I have flip flopped between pescetarianism, ovo-lacto vegetarianism, and veganism for most of my adult life, since the thought of eating meat never sat well with me even as a child. I'm now having some moral dilemmas with the reintroduction of meat into my diet. When I was first diagnosed with my condition five years ago, I experimented with various diets including a high protein paleo diet to see if it helped my symptoms, and it did. In fact, I never felt better physically. But as I progressed spiritually, the consumption of meat seriously affected me. I reverted back to mostly ovo-lacto, then felt great guilt at the idea of factory farmed milk and the chick culling that comes into play with factory egg production. That kind of bringing life into the world only to have it suffer or end its life is too much for me mentally to bear. But the more I look into the effects of agriculture to meet the demands of global veganism, the more I feel pained about the destruction to the earth and her various ecosystems. And I can't deny how much better I physically feel with small amounts of meat in my system. I recently started supplementing my iron in the hopes some of those physical side effects subside, but even then I'm left with the dilemma of ethical vegetable farming. It really seems like the only way I can make peace with food is to grow it all myself and to only use enough land to sustain myself. Does anyone else suffer the same dilemmas?
"Limited love asks for possession of the beloved, but the unlimited asks only for itself." -Kahlil Gibran
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Smaragd
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Re: Vegetarianism

Post by Smaragd »

Polyhymnia wrote:
Mon Sep 14, 2020 7:41 am
It really seems like the only way I can make peace with food is to grow it all myself and to only use enough land to sustain myself. Does anyone else suffer the same dilemmas?
In the past I have considered growing my own food in a way that the whole use of land would be mimicing natural conditions so that the land area and farming would not be harmful to the fertility of the land nor the animals. But for now it seems these plans are set aside from other work. There are somewhat good regulations in Finland when it comes to the fertility of the land and erosion, atleast when it comes to organic food production, but it's far from waterproof when ethics are considered hard enough, and alot is dependent of the farmer. And during Winter, I often buy vegetables grown abroad. It's not ideal, but I've tried to see it as the imperfectness of the whole and instead of beating myself for it, I'm merciful towards those who have chosen to work in those areas of life that make the choices towards certain directions. I know they are not easy ones for my physical body amongs most of other peoples are fed by their effort.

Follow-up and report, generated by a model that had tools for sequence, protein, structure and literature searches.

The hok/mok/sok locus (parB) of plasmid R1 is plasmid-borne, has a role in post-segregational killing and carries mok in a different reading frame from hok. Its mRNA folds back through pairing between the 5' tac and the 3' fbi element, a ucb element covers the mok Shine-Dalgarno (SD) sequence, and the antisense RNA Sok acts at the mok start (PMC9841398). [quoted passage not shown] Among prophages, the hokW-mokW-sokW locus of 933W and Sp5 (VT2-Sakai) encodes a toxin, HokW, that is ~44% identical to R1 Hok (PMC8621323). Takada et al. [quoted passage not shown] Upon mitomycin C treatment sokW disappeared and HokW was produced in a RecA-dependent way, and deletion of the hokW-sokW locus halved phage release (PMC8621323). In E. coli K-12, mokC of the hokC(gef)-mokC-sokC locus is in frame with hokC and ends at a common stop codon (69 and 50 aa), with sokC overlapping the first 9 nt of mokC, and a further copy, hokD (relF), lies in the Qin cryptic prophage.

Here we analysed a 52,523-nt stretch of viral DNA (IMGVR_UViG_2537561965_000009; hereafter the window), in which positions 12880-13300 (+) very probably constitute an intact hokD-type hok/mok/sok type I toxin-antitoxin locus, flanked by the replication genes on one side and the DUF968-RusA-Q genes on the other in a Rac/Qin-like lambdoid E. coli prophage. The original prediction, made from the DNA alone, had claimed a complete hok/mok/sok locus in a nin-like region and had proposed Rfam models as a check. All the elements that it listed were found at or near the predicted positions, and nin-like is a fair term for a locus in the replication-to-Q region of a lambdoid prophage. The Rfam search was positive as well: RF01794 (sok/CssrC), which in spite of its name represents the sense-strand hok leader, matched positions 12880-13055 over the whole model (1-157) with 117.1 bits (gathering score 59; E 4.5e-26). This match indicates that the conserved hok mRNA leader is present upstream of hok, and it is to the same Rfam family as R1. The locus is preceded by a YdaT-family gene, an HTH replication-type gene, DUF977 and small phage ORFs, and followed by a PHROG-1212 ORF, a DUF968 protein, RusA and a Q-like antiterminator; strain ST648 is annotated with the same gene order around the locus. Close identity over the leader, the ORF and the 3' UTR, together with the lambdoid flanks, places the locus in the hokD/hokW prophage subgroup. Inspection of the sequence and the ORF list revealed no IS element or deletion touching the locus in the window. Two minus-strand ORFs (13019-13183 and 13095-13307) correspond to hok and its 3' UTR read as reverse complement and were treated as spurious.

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Polyhymnia
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Re: Vegetarianism

Post by Polyhymnia »

Smaragd wrote:
Mon Sep 14, 2020 9:10 pm
It's not ideal, but I've tried to see it as the imperfectness of the whole and instead of beating myself for it, I'm merciful towards those who have chosen to work in those areas of life that make the choices towards certain directions. I know they are not easy ones for my physical body amongs most of other peoples are fed by their effort.
Hmm, this is a great way of looking at it. Almost every meal I think, "surely, eating shouldn't be this difficult!" When I really pinpoint what makes me uncomfortable, it's the physical act of ending a life. That seems to be the hard line for me in relation to my worship of death. It's not a feeling exclusive to killing to eat. I have this same feeling towards, say, the mass culling of wild kangaroos in the Australian deserts. They say it's necessary, and they're probably right. Imperfectness of the whole.